Ted Grimsrud—Peace Essays #D.2
[Published in Justice Reflections, Issue 10, #70 (December 2005), 1-25.]
We live in a world where all too many people “purposefully contribute to the harm of another human being, either by action or inaction” (my working definition of violence). In such a world, an unavoidable moral question arises, how do we respond to violence, how do we respond to evil?
Despite widespread occurrences of inter-human violence, the case may be made that most human beings tend to want to avoid lethal violence toward other human beings. If this were not true, the human race could never have survived to evolve to the point it has. In human experience people need some overriding reason to go against the tendency to avoid lethal violence. To act violently, especially to kill other human beings, is serious business, undertaken because some other value or commitment overrides the tendency not to be violent.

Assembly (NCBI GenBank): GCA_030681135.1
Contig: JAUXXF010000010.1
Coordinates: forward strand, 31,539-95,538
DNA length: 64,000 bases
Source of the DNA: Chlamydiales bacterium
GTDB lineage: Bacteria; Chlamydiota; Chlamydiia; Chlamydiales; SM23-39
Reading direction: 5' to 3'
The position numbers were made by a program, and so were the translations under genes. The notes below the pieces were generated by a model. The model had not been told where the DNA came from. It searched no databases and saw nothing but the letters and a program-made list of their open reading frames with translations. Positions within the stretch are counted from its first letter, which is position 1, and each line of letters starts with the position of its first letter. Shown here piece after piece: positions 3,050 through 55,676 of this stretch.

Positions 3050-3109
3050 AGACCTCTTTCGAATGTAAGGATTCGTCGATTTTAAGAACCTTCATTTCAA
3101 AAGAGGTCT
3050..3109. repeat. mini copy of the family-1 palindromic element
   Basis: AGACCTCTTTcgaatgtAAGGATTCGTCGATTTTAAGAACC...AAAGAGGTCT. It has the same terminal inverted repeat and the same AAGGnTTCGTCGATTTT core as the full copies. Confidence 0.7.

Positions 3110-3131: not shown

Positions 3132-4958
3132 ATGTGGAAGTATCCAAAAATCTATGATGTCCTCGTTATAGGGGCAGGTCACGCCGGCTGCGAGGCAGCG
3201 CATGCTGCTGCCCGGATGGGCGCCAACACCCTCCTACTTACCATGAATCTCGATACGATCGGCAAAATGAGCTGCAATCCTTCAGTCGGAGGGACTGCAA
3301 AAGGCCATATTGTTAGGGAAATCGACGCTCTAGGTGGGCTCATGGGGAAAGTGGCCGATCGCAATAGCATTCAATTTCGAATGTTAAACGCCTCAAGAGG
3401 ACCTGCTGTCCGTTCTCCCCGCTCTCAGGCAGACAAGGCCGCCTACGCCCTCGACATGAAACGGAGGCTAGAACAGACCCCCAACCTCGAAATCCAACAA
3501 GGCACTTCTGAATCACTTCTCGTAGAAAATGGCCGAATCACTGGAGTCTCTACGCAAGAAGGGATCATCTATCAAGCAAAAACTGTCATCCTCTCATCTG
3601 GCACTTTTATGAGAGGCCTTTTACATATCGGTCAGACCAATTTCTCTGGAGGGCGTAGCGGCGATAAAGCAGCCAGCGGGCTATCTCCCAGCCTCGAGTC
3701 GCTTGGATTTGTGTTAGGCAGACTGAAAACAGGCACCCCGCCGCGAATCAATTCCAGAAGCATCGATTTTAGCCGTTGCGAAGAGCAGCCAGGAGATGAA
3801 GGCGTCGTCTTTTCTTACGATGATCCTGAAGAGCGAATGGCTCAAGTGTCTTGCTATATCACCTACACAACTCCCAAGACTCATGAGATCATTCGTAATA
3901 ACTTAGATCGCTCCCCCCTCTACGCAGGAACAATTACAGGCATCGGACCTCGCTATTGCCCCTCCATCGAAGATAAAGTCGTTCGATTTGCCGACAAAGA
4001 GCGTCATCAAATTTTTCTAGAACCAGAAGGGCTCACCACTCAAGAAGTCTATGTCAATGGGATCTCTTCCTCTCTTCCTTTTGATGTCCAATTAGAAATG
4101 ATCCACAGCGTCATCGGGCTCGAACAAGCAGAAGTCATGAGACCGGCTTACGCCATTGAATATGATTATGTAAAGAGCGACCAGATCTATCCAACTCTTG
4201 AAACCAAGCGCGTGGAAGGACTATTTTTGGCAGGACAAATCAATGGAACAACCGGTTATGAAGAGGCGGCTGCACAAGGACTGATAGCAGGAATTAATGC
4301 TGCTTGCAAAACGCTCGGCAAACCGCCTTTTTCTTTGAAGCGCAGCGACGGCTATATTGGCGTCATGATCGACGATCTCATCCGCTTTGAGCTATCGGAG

Almost all violence emerges with a rationale that justifies its use. Psychiatrist James Gilligan, who worked in the criminal justice system for many years, argues, based on his extensive work with extremely violent offenders, that even the most seemingly pointless acts of violence usually nonetheless have some justification in the mind of the perpetrator.
Other more obviously rational uses of violence (for example, warfare, capital punishment, corporal punishment of children) generally follow a fairly self-conscious logic. At the core of this “logic” rests a commitment to the necessity of retribution. When the moral order is violated by wrongdoing, “justice” requires retribution (that is, repayment of violence with violence, pain with pain).
The legitimacy of retribution is widely accepted in the United States. Where does this commitment to retribution come from? One key source is Christian theology, the belief that retribution is God’s will, or that the need for retribution stems from the nature of the universe. That the nature of the universe requires retribution is a part of what most Western Christians believe, leading to strong support for retribution (that is, for justifying violence as the appropriate response to violence). Continue reading